Held inside practically every electronic device are rare earth metals. They're a group of 17 elements that are needed to make your cell phone function, your computer run, your music player play. As billions of these devices are made, the planet's stores of rare earth metals are being used up, and China, which provides over 90% of the world's rare earth supplies, warns that it is running low.
According to BBC, "China has warned that the decline in its rare earth reserves in major mining areas is "accelerating", as most of the original resources are depleted. In a policy paper, China's cabinet blamed excessive exploitation and illegal mining for the decline. China accounts for more than 90% of the world's rare earth supplies, but has just 23% of global reserves. It has urged those with reserves to boost production of the elements, which are used to make electrical goods."The real question, however, is if mining in the traditional sense is truly necessary.
Take gold, for example. Txchnologist reports, "Though small, your handset represents one of the richest mixes of minerals ever. A metric ton of cell phones, about 1,000 units, contains 300-500 grams of gold, [researcher Ian] Williams says. The same amount of gold ore, in contrast, contains only five grams. Japan has the equivalent of 16 percent of the world’s reserves, 6,800 metric tons, sitting idle in old cell phones, according to the country’s National Institute for Materials Science. That outstrips South Africa’s 6,000 metric tons of gold deposits. With six billion cell phone connections worldwide and many upgrades of handsets every 18 months, the devices have become the perfect test for urban mining."
Rather than turning to other countries with deposits of rare earth metals, could we instead increasingly turn to what is considered "waste" -- our old devices being shipped off to pollute in e-waste dumps? It seems as though this is not only a simple and clear solution, but a necessary one for sustainability. And it can be good business.
"At Europe’s largest recycling plant in Hoboken, Belgium, Brussels-based Umicore is already mining discarded cell phones, tablets and laptops and turning them into gold bricks. It generated $766 million in revenue for the company last year, a 20 percent year-on-year rise," writes Txchologist.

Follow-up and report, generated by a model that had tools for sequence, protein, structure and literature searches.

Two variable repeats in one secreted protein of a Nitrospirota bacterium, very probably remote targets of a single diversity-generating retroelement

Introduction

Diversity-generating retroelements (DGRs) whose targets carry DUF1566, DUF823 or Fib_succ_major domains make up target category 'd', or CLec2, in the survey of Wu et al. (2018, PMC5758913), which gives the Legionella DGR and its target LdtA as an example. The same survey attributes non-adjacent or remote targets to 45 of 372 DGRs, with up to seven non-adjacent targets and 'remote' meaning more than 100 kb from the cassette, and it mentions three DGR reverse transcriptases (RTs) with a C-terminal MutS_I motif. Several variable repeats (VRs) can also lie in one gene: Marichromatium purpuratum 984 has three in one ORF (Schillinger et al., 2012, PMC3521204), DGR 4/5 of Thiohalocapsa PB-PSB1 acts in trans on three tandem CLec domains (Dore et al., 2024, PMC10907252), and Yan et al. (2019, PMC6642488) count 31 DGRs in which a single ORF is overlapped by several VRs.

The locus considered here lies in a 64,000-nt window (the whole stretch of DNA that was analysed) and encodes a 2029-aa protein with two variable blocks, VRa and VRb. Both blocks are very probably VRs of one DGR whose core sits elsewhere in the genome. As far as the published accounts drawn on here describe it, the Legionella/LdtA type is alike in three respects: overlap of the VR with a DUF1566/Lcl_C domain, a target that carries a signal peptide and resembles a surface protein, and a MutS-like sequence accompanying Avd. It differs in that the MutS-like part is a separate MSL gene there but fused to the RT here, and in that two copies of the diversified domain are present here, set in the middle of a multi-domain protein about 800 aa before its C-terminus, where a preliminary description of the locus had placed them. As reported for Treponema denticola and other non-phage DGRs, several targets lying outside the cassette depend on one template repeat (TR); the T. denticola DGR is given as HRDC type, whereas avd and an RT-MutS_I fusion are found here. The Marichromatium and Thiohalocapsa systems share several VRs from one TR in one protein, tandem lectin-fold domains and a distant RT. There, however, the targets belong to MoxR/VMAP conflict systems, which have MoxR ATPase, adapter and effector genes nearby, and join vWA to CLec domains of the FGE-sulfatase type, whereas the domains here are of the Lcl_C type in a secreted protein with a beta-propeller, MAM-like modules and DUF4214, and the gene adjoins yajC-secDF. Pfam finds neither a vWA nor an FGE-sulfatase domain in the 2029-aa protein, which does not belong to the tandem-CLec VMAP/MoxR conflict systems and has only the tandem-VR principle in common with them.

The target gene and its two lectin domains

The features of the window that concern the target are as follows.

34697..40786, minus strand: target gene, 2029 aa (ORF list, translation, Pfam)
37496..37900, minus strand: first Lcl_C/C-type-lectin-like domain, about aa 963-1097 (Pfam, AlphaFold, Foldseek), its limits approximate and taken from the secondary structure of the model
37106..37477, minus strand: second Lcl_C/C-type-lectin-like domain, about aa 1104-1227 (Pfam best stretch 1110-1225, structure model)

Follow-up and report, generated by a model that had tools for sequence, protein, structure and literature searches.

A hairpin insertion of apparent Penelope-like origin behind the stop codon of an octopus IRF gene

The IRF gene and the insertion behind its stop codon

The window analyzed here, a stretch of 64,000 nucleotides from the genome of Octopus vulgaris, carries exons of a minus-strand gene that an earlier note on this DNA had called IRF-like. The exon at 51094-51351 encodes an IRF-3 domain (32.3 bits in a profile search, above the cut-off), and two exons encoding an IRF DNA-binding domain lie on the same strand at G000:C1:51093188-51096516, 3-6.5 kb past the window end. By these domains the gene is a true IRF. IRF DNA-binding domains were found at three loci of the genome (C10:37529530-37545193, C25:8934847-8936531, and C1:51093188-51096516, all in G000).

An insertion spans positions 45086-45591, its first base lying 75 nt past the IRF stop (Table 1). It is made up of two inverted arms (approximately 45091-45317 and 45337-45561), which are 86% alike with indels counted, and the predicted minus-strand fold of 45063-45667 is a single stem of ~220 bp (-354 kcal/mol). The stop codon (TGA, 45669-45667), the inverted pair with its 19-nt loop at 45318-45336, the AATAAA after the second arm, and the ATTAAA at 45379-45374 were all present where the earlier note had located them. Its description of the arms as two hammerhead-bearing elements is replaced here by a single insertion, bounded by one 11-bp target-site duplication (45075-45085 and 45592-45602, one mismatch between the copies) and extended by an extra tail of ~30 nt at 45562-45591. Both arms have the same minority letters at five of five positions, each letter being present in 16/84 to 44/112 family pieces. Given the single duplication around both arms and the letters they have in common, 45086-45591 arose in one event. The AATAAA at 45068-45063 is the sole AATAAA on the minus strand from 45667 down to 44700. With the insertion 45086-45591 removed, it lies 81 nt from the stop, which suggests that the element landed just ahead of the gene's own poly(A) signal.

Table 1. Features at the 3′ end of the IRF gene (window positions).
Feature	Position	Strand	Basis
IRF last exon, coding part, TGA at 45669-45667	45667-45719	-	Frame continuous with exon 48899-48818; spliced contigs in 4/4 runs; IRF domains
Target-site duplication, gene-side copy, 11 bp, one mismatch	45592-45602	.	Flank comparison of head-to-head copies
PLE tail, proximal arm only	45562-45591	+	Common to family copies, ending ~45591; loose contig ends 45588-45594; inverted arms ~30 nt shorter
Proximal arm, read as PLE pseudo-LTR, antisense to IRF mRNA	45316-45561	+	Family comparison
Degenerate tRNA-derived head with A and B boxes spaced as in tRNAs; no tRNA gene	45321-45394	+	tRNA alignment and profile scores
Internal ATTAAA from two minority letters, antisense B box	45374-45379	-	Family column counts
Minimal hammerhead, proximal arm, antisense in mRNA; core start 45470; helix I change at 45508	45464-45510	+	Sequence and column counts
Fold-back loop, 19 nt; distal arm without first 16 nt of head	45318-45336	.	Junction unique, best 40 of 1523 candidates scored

So why are there not more recycling businesses focused on snapping up used devices and mining them for minerals? Part of the reason is that it is more expensive, and manufacturers have an eye for keeping costs down, which means buying from China and not from recycling companies. Another reason is incredibly low recycling rates for these devices. In 2009, the EPA reports that only 9% of handheld devices ready for end-of-life management were collected for recycling. Similarly, only 38% of computers and 17% of televisions were collected.
We certainly need to see more people eagerly recycling their electronics at end of life, more recyclers eager to mine those metals from the "waste" and manufacturers willing to purchase them to use in their new products. If this happens, our dependence upon mining the earth for these elements, and the environmental devastation that comes with that mining, can dramatically shrink.
Businesses are not unaware of the issue. Honda, for example, has said that it will start recycling rare earth metals as a way to protect itself from the potential loss of imports from China. The company is looking at starting in September or October, and note that this is a first for the auto industry. Perhaps other companies will follow suit as China curbs its exports.
Perhaps with the slowed supply from China, we'll see and uptick in the number of companies working to make urban mining lucrative as well as in the number of manufacturers looking to recyclers for these essential rare earth metals.